# Hash consistency algorithm

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• 1 Basic Scenarios
• 2 hash Algorithm and monotonicity
• Principle of the 3 consistent hashing algorithm
• 4 Virtual nodes
• 5 Summary

For example, if you have n cache server (hereafter referred to as cache), then how to map an object to n cache, you are likely to use a common method like the following to calculate the hash value of object, and then map evenly to the n cache;

Hash (object)%N

Everything is running normally, consider the following two cases;

11 Cache server M down (this must be considered in the actual application) so that all objects mapped to the cache m will be invalidated, what to do, need to remove the cache m from the cache, when the cache is N-1, the mapping formula becomes HA Sh (object)% (N-1);

2 because of the access aggravating, need to add the cache, this time the cache is n+1, mapping formula into a hash (object)% (n+1);

What does 1 and 2 mean? This means that suddenly almost all of the caches are dead. For the server, this is a disaster, flood-like access will be directly rushed back to the server;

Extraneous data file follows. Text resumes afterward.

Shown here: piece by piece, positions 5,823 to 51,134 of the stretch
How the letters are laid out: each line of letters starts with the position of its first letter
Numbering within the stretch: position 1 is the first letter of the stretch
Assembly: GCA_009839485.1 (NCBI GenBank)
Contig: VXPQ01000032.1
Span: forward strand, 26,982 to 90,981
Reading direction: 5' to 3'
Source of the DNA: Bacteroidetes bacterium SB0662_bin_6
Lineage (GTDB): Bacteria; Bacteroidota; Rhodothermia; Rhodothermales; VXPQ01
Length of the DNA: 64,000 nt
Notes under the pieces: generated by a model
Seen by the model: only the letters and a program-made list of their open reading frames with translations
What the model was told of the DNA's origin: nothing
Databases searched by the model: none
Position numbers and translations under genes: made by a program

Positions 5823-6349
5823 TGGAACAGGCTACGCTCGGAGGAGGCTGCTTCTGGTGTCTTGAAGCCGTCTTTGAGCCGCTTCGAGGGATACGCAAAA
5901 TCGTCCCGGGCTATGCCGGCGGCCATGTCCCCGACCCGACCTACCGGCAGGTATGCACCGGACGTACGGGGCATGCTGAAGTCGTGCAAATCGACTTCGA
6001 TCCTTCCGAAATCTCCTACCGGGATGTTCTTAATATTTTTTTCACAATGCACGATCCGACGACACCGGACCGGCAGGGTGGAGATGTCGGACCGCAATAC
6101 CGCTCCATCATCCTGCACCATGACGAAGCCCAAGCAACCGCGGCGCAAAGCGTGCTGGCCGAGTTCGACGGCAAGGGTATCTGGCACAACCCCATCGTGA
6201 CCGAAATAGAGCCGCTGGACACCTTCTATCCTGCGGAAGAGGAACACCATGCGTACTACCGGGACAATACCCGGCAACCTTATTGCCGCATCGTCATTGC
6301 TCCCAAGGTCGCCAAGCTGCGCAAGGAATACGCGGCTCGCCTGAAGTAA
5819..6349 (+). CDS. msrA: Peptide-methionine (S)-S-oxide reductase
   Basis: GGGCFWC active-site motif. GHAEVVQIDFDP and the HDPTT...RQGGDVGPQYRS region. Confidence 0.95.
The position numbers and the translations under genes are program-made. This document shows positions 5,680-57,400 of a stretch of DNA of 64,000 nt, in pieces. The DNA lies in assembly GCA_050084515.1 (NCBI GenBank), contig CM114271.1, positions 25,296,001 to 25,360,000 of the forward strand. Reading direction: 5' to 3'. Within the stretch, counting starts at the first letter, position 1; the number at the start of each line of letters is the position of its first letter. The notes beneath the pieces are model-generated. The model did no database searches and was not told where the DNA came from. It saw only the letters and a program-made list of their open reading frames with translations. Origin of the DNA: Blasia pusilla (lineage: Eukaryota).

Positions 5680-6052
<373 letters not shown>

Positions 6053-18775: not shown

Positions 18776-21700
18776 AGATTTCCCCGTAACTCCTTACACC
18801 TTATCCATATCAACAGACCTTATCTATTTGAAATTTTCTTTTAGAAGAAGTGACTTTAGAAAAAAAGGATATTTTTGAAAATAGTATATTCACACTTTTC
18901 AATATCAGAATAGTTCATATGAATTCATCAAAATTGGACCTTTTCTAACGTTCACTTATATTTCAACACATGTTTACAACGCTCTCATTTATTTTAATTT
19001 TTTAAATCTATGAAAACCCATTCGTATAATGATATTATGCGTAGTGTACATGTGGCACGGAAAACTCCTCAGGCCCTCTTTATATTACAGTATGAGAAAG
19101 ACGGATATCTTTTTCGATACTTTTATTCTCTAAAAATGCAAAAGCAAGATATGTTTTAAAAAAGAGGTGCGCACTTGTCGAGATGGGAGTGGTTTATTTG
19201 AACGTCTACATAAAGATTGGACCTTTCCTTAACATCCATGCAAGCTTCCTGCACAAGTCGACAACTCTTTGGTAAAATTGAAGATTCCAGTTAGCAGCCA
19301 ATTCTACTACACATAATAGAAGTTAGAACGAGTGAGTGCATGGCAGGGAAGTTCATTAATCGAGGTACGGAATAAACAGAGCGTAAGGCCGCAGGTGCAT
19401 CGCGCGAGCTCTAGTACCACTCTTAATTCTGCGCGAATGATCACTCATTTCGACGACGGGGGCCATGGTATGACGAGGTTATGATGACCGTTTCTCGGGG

Consider the third problem, because the hardware capabilities are getting stronger, you may want to add more nodes to do more work, obviously the above hash algorithm can not be done.

Is there any way to change this situation, this is consistent hashing ...

A measure of the Hash algorithm is monotonicity (monotonicity), which is defined as follows:

Monotonicity refers to the addition of a new buffer to the system if some content has been allocated to the corresponding buffer by hashing. The result of the hash should be to ensure that the original allocated content can be mapped to a new buffer without being mapped to another buffer in the old buffer collection.